December 2004 Highlights

For the second month in a row, the Dell economic development project dominated discussions in Winston-Salem. Here’s a rundown of noteworthy city news at the end of 2004:

A done Dell: Dell Computers announced on December 22 that it was selecting Winston-Salem as the site of its new manufacturing plant. The new plant will be the largest of Dell’s seven manufacturing facilities worldwide. It will be the anchor operation of the new Alliance Science and Technology Park in southeastern Winston-Salem. Under the deal with state and local governments, Dell will provide at least 1,700 jobs and invest at least $100 million at its facility here over the next five years. All of the local and state incentives are contingent upon Dell meeting these commitments. Most of the incentives are released only after Dell’s investments are underway, and are sized to track the amount of their local tax base then installed. No increase in any local tax is planned or anticipated to pay for any of these incentives. No reduction in any other local progam or service is expected to result.

Instead, the net positive impact of this project is expected to be massive in terms of both local revenues and the overall economy. Under Dell’s fast-track construction schedule, the plant is to begin operation by early fall 2005. Site preparation is underway. Dell’s requirement that its suppliers be located nearby will necessitate immediate additional local industrial investment by other companies. The total local economic impact of the project may exceed 5,000 jobs and $1 billion over the next five years. Overall, this is one of those rare true watershed events for our regional economy.

Sanitation services: Two city service notes are timely in this area:

Leaf pickup: As usual, I’ve received a lot of questions about timing of leaf pickup this season. There’s still a little time left in the scheduled leaf pickup season this year, which ends in January. If you have leaves that still need collection, you can call the Sanitation Division at 727-2638 to learn the approximate date of the next sweep of your street. Please rake them to the curb as soon as possible during the first week of January, and take care not to block access with a parked car.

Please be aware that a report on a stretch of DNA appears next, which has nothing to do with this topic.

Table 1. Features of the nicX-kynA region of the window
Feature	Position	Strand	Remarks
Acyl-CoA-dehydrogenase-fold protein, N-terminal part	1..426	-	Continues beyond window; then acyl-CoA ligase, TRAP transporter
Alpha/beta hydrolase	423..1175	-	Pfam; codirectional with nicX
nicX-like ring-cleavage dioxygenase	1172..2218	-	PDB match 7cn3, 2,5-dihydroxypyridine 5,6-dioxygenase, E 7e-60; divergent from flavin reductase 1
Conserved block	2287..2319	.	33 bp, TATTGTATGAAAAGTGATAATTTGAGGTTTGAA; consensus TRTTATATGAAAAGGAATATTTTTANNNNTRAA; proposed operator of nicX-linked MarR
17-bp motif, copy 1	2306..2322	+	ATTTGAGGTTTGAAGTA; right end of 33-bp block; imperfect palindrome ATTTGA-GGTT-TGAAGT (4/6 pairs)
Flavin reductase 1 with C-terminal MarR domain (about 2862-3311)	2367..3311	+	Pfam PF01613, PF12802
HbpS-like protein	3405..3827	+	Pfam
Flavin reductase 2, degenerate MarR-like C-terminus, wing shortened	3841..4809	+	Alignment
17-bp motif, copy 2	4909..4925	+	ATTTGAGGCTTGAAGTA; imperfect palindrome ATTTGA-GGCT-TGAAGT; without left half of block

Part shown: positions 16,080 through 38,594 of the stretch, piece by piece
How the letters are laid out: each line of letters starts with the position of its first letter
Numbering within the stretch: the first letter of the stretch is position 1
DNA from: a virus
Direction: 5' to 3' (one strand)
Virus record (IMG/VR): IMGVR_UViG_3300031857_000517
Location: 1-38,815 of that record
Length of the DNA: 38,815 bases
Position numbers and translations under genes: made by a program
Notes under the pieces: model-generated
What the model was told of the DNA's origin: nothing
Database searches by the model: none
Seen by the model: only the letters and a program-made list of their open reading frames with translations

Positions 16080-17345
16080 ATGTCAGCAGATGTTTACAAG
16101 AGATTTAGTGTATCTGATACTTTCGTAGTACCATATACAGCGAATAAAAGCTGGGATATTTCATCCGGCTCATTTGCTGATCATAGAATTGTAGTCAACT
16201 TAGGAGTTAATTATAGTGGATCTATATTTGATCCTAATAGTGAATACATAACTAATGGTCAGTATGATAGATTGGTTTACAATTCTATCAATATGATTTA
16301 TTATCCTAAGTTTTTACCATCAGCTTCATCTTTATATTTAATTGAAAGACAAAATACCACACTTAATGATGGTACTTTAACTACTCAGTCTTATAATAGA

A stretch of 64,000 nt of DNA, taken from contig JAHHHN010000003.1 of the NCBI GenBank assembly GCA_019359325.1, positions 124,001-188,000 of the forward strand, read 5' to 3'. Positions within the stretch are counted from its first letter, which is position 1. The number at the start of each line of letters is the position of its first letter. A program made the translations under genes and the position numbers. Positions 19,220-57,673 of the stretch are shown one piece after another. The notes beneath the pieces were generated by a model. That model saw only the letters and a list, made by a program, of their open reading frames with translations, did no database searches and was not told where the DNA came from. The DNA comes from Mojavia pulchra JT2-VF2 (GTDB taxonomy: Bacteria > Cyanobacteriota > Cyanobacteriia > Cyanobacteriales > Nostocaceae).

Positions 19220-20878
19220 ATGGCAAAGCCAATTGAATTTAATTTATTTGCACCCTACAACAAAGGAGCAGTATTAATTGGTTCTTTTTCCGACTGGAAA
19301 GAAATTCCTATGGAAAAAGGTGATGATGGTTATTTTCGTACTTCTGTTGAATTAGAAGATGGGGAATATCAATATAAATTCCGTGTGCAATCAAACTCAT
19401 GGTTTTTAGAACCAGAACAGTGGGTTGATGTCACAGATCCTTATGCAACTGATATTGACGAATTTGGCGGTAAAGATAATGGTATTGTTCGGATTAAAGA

Christmas tree pickup: The city is in the process of collecting Christmas trees left curbside for recycling. This takes a while for completion. If you have a tree out that you’d like to remove sooner, more information about available dropoff sites is available from the Vegetation Management Division at 748-3020.

Property tax revaluation: Every four years, the Forsyth County tax assessor’s office conducts a reappraisal of property tax values. When the overall trend of local property values is upward, as at present, those reappraisal notices tend to produce an unpleasant "sticker shock" for many of us. As your Winston-Salem City Council representative, there are three notes I should make in connection with this process.

First, reappraisal is a county government process. As your city representative, I have no oversight jurisdiction for county agencies. I and the other City Council members are all just fellow citizens along for the ride in the reappraisal process.

Second, property tax value is just the first step toward calculating actual tax bills. Your bill for this year is based on your property value in July 2004. For your bills starting next year, a new tax rate will apply. The new tax rates (both city and county) should be adjusted to try to offset the average effect of the revaluation on taxpayers. (Again, however, I should note that the City Council only controls the city tax rate, not the county rate. The County Commissioners set the county rate.)

Third, if you believe that your individual property value reappraisal is unreasonable, there is an individual appeal process. That appeals process is described on your reappraisal notice. If you are interested in appealing your individual reappraisal, please note that your time limit may be about to expire.

If you have other questions about your tax assessment, I recommend that you contact the Forsyth County Tax Assessor’s office at 703-2300, or check its web page at

Clean air developments: I’ve been working as the Winston-Salem City Council representative to the Piedmont Triad Early Action Compact (clean air coalition) since March 2003. In December, the state of North Carolina formally submitted to the U.S. Environmental Protection Agency (EPA) the statewide ozone pollution cleanup plan, including strategies for the Triad which we developed and approved here. Also during December, the EPA designated two areas in North Carolina as out of compliance ("nonattainment") with federal clean air standards for soot ("fine particulates"). One of those areas is in the Triad, but Forsyth County managed to escape inclusion. We’re continuing to work to implement our early-action air cleanup plans regionwide. That’s important for public health. Nationwide, excess fine particulates pollution aggravates cardiovascular and respiratory disease, annually resulting in thousands of premature deaths, tens of thousands of cases of chronic bronchitis, hundreds of thousands of asthma attacks, and millions of work days lost to illness.

Bicycle plan: During October, the city and county Transportation Departments sponsored a public workshop to take comments on how to improve opportunities and safety for bicycling in our community. The consulting firm Greenways Inc. has prepared a draft plan based on that input. There will be another public comment opportunity on that plan on Thursday, January 20, at 6:30 p.m. at City Hall South. For more information, contact the city/county Bicycle Advisory Committee coordinator, Lakesha Dunbar, at 747-6877 or